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Durham e-Theses
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An investigation of the spring and summer diet of feral mink (Mustela Vison Schreber) in Riparian and coastal habitats

Rosser, A. M. (1981) An investigation of the spring and summer diet of feral mink (Mustela Vison Schreber) in Riparian and coastal habitats. Masters thesis, Durham University.



A total of 375 mink scats were collected from two riparian areas in Northumberland and a coastal site in Galloway during the period from April to July in order to investigate the composition of spring and summer feeding of mink. In the riparian habitat, the initial order of importance was:- fish, mammal, bird and amphibian; during the summer, though, the mammal group doubled in importance. At Galloway, a temporal variation in the diet was indicated with lagomorph increasing in importance whilst fish and crab decreased. It was postulated that whilst the riparian diet was largely determined by prey availability coupled to some extent with preference for particular species the variation in the coastal diet may have been due to the varying requirements of a female and kits. The radio-tracking of a juvenile male highlighted the unreliability of using scats and tracks as indicators of mink activity. The tagged animal exhibited a mainly diurnal activity pattern with much exploratory behaviour^ and it was suggested that the former may have been the result of maternal influence whilst the latter indicated attempts at territory establishment or the initiation of dispersion. There was apparently no competition between mink and otter in the riparian habitat; but it is a distinct possibility in the coastal habitat and merits further investigation.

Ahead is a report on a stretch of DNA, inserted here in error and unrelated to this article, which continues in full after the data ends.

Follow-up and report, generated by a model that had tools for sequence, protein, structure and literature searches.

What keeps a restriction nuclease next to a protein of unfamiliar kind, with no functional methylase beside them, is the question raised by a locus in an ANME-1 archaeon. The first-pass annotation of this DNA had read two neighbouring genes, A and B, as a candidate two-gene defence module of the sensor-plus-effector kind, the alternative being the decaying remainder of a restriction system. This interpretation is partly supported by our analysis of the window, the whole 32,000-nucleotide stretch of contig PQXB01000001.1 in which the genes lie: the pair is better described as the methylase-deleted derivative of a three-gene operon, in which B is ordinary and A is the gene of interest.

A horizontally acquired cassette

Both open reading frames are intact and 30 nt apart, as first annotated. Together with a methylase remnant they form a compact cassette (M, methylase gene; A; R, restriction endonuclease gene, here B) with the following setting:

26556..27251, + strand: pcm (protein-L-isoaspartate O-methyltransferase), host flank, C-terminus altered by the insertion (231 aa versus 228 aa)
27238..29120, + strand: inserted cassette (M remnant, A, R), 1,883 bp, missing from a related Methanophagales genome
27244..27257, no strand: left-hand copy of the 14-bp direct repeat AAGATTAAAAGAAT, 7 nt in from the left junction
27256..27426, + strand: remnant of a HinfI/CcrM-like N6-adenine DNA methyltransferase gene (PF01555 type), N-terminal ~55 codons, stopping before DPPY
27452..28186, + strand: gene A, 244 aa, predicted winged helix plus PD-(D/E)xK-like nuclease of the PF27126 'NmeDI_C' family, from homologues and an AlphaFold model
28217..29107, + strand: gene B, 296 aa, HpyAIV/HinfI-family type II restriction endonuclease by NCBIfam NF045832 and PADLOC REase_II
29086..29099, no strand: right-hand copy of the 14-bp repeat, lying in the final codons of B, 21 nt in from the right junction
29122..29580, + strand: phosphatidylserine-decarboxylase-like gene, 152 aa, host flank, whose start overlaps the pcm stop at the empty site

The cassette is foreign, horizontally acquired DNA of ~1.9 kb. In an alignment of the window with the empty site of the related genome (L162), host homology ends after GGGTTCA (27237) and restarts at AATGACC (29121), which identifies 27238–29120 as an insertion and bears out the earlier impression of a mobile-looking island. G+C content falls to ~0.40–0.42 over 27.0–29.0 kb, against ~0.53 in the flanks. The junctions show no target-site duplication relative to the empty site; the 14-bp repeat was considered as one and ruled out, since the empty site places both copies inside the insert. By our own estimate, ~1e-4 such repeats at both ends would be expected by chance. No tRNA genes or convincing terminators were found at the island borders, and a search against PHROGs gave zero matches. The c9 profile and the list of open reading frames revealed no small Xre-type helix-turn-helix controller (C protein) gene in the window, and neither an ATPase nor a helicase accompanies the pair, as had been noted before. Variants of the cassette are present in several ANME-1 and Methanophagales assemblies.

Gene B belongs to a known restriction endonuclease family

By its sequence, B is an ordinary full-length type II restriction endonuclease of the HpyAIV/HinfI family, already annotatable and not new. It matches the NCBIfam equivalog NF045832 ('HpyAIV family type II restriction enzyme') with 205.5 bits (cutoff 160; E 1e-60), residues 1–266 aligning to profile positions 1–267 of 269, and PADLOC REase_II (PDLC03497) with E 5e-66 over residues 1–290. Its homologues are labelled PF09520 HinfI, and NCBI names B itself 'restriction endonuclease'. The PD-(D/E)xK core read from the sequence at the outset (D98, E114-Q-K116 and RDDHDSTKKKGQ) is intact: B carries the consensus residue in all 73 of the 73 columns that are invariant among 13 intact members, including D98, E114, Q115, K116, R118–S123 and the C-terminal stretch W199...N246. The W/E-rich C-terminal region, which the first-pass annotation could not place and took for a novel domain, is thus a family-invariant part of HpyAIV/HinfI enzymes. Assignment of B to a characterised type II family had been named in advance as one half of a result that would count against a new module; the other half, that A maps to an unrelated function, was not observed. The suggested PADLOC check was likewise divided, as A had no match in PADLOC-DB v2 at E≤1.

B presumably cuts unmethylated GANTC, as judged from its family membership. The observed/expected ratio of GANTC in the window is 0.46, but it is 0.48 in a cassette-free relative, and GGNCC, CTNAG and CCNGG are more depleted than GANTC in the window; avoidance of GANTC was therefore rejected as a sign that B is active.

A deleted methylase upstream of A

Item Type:Thesis (Masters)
Award:Master of Science
Thesis Date:1981
Copyright:Copyright of this thesis is held by the author
Deposited On:15 Jul 2013 14:42

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